Myleene Klass’ Instagram posts breached advertising standards over lack of ‘ad’ disclosure, ASA rules

Myleene Klass’ social media posts breached advertising standards, according to the ASA  (PA)
Myleene Klass’ social media posts breached advertising standards, according to the ASA (PA)

Myleene Klass has had three of her Instagram posts banned after the Advertising Standards Authority (ASA) found she failed to indicate that they were ads.

The advertising watchdog found three posts promoting her book, They Don’t Teach This At School, Next clothes and footwear brand Skechers, all failed to include any clear messaging they were ads.

A post at the centre of the inquiry saw various celebrities — including Alex Jones, Chris Evans, Kate Garraway and Lorraine Kelly — appearing in Klass’ Instagram reel shared on May 13.

The video saw some of the famous faces holding the book and answering the question: “What’s something really important that you should’ve been taught in school…but you weren’t?”

The reel ended with the singer and radio presenter, 44, holding a copy of her book with the text “wish granted” appearing across the screen.

After the clip was uploaded, a viewer complained to the watchdog that the post was not obviously identifiable as an ad.

Klass, 44, has made assurances to the ASA that she would caption future posts with #ad (PA)
Klass, 44, has made assurances to the ASA that she would caption future posts with #ad (PA)

The ASA upheld the complaint against the social media post, as well as others featuring Next clothes and Skechers trainers, which said that they did not make their commercial nature clear.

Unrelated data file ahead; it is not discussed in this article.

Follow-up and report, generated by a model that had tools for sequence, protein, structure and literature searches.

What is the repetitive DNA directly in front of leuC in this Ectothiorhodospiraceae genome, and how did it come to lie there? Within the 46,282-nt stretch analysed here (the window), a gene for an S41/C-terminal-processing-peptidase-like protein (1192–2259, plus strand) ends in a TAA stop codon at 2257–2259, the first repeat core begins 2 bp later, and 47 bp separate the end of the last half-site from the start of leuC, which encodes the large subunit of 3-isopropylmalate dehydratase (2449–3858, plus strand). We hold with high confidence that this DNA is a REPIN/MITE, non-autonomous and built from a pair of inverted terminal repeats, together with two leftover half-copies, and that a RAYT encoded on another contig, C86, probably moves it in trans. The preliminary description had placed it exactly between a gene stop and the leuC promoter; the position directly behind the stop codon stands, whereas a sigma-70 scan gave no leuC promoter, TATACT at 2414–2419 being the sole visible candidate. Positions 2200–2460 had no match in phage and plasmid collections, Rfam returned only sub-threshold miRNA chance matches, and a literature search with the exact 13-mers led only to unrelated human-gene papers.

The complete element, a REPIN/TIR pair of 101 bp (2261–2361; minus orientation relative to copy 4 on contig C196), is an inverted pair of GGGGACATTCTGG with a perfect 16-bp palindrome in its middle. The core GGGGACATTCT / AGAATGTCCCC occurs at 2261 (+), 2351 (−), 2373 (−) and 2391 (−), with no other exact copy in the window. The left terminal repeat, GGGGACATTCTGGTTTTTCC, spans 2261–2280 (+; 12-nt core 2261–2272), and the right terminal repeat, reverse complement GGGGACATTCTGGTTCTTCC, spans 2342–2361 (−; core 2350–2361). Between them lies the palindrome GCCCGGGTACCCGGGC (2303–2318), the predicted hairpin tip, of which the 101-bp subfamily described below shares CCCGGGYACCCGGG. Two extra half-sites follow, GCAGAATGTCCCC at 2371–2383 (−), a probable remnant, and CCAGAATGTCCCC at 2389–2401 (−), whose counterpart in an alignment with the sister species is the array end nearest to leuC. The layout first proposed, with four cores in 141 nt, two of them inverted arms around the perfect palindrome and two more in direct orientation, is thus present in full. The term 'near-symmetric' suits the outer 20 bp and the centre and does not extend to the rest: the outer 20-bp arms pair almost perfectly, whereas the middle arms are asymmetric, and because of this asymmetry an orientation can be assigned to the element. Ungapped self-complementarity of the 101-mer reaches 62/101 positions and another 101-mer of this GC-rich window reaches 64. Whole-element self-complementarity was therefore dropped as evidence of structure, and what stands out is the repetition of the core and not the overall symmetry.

Klass shared a post on May 16, as well as a reel during the same month, of her advertising a bra top, pink drawstring trousers, a bikini, a floral printed dress and high-heeled sandals by Next.

She tagged it with MyleeneKlassXNext as well as nextofficial but failed to make her followers aware that it was an advert.

The broadcaster also uploaded a post of her wearing pink trainers and a baseball cap belonging to Skechers, as well as a story on June 14 of her and another woman wearing pink clogs by the same company.

The retailer said it had an agreement with Klass that she should make positive references to the brand in interviews, public appearances and on social media and should make it clear that she had a commercial relationship with Next.

Skechers said the posts were part of a contractual relationship with Klass, which required her to comply with all applicable laws, including advertising laws.

Representatives for Klass said that there was some “confusion” over what was and wasn’t an ad but that she would caption future posts with #ad.

The ASA said: “We welcomed Ms Klass’ assurance that she would be adding #ad to her posts in future.

“However, because at the time of the complaint the post’s commercial intent had not been made clear upfront, for example with the use of an identifier such as #ad, we considered that it was not obviously identifiable as a marketing communication and concluded that it breached the code.”

The Standard has contacted Myleene Klass’ rep for comment.